I recognize the patronizing voice in
American reporting about countries struggling to find their way out of
chaos or recently overturned dictatorships. It rings of the arrogance that too often
accompanied our foreign aid, when it wasn’t politically incorrect to
refer to used cans of cooking oil as “appropriate technology” for Third
World women fetching water.
It hit me a few days ago. Next year will
be the 20th anniversary of the bloody Easter uprising at Ohio’s crowded,
racially tense maximum security prison at Lucasville. That deadly riot, the longest prison riot in American history, was The Enquirer’s finest hour.
Given the news media’s historic reticence
about admitting screw-ups, I have no idea whether we are more or less
ethical than in recent decades. What has changed is the likelihood that
unspeakable puffery and blatant conflicts of interest are likelier than ever to be caught and publicized.
WVXU’s decision to hire retiring Enquirer politics reporter Howard Wilkinson is the rare bright spot in the increasingly constricted world of local news gathering. Adding him to WVXU’s reporting staff
scored a twofer for news director Maryanne Zeleznik. In addition to his
sense of local and state politics, Howard is as passionate and
knowledgable about the Reds.
Rarely do foreign journalists’ brutal
criticism of American actions or policies get space or time in our
mainstream news media. That’s too bad. What passes for comment and
debate here is a pretty constipated exercise.
I finally watched the 30-minute online video, Kony 2012, calling for the capture or killing of African terrorist Joseph Kony this year. With an estimated 100 million views so
far, it’s an interesting example of manipulation of social media.
A printed news source
I can’t do without comes unfailingly in the mail: seed catalogs.
Forget Hindu, Jewish, Chinese or Gregorian new years. Delivery of the
first seed catalogs starts my new year before Thanksgiving.
Atlanta publisher Andrew B. Adler’s “kill
Obama” column challenges my “fight-words-with-words” standard response
to vicious publications and speech. It never should have been
published. No, he’s not a racist, anti-Semitic crank
or advocate of sex among boys, clerics and coaches. Sick as they are, I
wouldn’t muzzle them so long as they are willing to accept the
Dwelling on any presidential aspirant’s
personal history, proposals and promises invites accusations of bias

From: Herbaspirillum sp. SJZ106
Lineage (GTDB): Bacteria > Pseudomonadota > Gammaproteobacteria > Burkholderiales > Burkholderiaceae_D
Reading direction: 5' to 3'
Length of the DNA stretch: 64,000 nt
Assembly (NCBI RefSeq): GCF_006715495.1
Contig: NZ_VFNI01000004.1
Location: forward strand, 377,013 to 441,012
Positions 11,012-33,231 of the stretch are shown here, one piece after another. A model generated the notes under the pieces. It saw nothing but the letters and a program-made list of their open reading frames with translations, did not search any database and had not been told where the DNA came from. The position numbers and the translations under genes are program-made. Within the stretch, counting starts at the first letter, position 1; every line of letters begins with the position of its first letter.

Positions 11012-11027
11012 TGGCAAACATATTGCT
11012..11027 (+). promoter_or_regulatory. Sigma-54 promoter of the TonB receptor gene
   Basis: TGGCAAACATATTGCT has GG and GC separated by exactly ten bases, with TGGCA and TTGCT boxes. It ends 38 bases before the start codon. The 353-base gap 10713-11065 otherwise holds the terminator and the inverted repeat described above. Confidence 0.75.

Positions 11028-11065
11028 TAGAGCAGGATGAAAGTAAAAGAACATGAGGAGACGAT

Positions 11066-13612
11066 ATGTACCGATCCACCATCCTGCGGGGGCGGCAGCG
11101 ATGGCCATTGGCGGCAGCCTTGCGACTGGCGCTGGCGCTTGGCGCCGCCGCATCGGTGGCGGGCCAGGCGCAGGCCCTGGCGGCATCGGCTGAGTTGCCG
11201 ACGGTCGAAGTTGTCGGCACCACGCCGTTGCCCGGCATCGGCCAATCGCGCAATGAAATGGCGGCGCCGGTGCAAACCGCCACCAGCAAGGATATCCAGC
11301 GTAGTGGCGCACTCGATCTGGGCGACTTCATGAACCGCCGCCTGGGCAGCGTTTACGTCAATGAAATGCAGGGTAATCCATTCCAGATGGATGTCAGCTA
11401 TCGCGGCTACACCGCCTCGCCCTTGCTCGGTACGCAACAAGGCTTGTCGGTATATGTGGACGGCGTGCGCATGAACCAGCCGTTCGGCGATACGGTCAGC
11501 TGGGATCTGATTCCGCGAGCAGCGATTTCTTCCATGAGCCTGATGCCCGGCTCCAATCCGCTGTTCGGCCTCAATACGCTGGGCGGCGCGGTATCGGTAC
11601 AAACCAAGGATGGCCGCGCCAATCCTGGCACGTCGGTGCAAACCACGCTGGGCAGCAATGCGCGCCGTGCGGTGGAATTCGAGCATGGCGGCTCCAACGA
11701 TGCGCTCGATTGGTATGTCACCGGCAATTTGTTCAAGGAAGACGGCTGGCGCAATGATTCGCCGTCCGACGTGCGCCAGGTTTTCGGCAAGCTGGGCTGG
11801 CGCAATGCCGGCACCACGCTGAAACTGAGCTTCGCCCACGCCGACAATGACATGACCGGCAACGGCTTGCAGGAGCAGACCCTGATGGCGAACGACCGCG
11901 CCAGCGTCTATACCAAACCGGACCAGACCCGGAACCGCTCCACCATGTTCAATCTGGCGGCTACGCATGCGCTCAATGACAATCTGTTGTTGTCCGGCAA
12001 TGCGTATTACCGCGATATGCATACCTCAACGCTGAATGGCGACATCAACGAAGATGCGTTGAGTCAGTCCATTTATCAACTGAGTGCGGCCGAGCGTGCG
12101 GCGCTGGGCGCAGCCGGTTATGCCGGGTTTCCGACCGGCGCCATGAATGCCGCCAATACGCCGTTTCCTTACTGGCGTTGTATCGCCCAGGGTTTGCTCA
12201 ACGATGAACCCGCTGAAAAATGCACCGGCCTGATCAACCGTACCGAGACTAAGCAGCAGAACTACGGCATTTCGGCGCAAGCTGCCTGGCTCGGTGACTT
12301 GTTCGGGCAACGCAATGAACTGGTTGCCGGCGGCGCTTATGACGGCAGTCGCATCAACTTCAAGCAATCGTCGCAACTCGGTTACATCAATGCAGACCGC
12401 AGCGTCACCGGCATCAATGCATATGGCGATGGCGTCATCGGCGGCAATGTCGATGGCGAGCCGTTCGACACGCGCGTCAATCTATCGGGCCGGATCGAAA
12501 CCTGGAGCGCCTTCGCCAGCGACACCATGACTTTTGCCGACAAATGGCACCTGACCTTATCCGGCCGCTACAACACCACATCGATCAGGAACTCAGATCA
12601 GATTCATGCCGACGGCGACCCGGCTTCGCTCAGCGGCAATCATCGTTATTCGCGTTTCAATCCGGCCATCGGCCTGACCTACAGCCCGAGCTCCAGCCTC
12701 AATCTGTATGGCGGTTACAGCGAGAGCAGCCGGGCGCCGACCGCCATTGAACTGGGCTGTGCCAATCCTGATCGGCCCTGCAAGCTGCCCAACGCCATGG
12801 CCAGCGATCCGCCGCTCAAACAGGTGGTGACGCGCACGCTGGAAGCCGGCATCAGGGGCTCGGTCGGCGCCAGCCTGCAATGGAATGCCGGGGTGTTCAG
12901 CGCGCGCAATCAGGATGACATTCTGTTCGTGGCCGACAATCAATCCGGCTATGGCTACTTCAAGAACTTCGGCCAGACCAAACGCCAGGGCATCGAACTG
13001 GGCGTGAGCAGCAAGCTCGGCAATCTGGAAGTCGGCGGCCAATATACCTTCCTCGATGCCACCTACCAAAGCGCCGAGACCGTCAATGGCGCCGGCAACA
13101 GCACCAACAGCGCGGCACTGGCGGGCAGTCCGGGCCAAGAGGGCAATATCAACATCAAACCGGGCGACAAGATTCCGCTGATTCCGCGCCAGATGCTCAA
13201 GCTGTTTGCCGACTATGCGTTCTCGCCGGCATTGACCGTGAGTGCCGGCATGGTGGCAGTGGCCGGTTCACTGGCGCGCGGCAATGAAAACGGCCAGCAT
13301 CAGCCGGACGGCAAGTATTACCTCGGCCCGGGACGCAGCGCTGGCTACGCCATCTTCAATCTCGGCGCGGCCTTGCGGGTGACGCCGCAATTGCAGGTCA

that mainstream news media fear most. That might explain reluctance to
hammer Ron Paul for views he espouses now or previously published.
Religion continues to bedevil politics
reporting. News media prefer the simplicity of characterizing elections
as horse races until there is a winner. Religion beyond clichés
complicates politics. If voters are to appreciate the implications of
campaign thrust and parry, it’s time to yoke religious and political
reporters for the duration.
Poynter Online director Julie Moos is correct, I’m a plagiarist. I
sometimes use others’ words in this column. While attributing the
words and ideas to the original writers, I don’t always put their
words inside quote marks. That’s not good enough for Moos. It
was his failure to maintain that level of attribution purity that
drove out veteran aggregator Jim Romenesko from the Poynter website.
He always told us where he got his material but he sometimes used
those sources’ language without direct quotes.
increasingly militarized local police — helmets, assault rifles,
black uniforms and boots, etc. — using excessive force more often
than previous generations? Or
has technology — cell phones and YouTube — made any use of force,
whether excessive or justified, easier to document?
its Page 1 story on public employee “perks” last week, The
Enquirer was doing a pretty good job of playing pre-election
partisanship down the middle. That
story — which required a major page 1 correction — embraced the
paper’s historic Republican and anti-union demons. The timing was
too neat; the subject could have been explored in many ways at any
time. Almost on the eve of the Issue 2 ballot, it was no